Karen Tintori

Karen Tintori knew she'd be a writer from age twelve. As a child, she walked ten blocks to the public library, checked out as many books as she could carry between her interlocked fingers and her chin, read them quickly and returned for another stack.

Before she was 13, she'd read the entire children's section and bristled when the librarians would not permit her to borrow books from the adult section until she was of age. Patience was a lesson she'd begin to learn early--the librarians invited her, instead, to re-read the children's section.  

Is your book club reading one of Karen's books? Feel free to drop her a note to arrange a phone or Skype call to join your group's discussion. Karen loves hearing from her readers, enjoys traveling to meet them, and welcomes speaking invitations. 



Omerta' vs La Bella Figura

Here are some thought questions, as the elementary school sisters would tell

This post prompts me to ask about your (everyone's) understanding of "la
bella figura."  I came to this term only fairly recently, having grown up in
a household with an American-born Italian grandmother, a bit removed from
Italy in some ways. 

Of course, my mother made sure to provide me with many examples of the
concept.  I picture her reapplying her lipstick after dinner at a
restaurant.  (I never think of doing that.)  I recall her stage whisper to
me as a child when I was upset, "Lower your voice.  The neighbors will
hear."  And the way she made me readdress an envelope to send my (Italian)
friend when I was seven.  I had spelled her surname with one 'l" instead of
two, and my mom wouldn't accept my solution of squeezing in another "l".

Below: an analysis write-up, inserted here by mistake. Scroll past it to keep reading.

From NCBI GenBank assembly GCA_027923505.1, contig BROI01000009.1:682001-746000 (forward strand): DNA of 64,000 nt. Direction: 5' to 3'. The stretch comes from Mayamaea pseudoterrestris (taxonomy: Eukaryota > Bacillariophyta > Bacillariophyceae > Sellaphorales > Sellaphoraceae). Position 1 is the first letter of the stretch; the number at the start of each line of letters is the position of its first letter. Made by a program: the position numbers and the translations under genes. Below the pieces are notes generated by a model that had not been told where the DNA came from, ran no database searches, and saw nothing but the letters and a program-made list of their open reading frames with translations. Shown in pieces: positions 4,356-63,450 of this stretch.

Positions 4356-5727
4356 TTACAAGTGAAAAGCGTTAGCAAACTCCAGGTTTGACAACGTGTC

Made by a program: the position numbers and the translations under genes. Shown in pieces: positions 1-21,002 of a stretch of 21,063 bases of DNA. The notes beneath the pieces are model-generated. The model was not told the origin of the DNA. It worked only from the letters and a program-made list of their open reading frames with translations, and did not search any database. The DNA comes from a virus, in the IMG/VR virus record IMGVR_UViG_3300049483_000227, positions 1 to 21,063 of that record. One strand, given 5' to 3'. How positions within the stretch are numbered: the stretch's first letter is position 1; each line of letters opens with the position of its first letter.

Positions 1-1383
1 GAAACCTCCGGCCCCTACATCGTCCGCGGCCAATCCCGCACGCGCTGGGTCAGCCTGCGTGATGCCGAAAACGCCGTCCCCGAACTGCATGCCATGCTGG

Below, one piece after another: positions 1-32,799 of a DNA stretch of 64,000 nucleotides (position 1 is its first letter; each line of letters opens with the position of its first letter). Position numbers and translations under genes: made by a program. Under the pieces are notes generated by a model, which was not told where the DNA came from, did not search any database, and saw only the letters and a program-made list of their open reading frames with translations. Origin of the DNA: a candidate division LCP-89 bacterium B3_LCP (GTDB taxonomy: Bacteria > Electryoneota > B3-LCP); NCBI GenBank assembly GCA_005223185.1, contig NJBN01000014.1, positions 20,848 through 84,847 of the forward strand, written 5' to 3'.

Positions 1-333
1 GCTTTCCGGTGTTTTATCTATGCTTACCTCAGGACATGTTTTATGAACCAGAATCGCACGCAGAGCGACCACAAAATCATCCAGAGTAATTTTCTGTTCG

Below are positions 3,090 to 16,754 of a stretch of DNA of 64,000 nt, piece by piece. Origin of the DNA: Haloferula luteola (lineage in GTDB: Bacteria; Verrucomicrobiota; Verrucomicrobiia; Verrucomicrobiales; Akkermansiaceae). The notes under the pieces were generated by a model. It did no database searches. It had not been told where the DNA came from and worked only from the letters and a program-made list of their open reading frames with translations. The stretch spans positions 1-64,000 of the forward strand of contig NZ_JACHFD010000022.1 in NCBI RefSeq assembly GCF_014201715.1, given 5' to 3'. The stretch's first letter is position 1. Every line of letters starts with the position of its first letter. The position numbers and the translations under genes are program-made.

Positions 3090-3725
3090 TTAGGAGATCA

"It looks like you don't know how to spell her name," she explained.

Duh.  Well, I didn't.  I was seven.

These are light-hearted examples of my understanding of "la bella figura,"
simply consistent and detailed attempts to present oneself well.  I did not
think that this concept might be applied to behavior that was aimed at
preventing family shame, which I would consider a much darker side of "la
bella figura," if the term applies at all.  So my first question is:  What
are your reactions to the use of this term for the events of this book?
Does 'la bella figura" have implications for family disgrace, or does that
extend the term too far - what is your experience?

I just finished Karen Tintori's book, also, and she is to be commended for
tackling such a difficult subject, and so personal, which clearly does not
place her family in the best light in terms of 'la bella figura" from the
perspective of our generation. 

I wonder if her family events can be better understood with the concept of
"omerta'" (which she discusses) - the code of silence around unacceptable
behavior, combined with the long-time tendency for Italians, particularly in
southern Italy, to take crime and punishment into their own hands (rather
than leaving it to the official police).

Here is the wikipedia version of omerta': 

So, my second questions is:  Doesn't the cultural tradition of omerta' seem
a more appropriate context in which to understand the book's events?

And Karen T., maybe you can weigh in here.  Thank you.

-Karen B

Her question has given me much to ponder and certainly has generated a lively discussion on the lists.   Check back soon for my thoughts on this comparison, and please chime in on the Book Club page.  I'm interested in your take on this, too.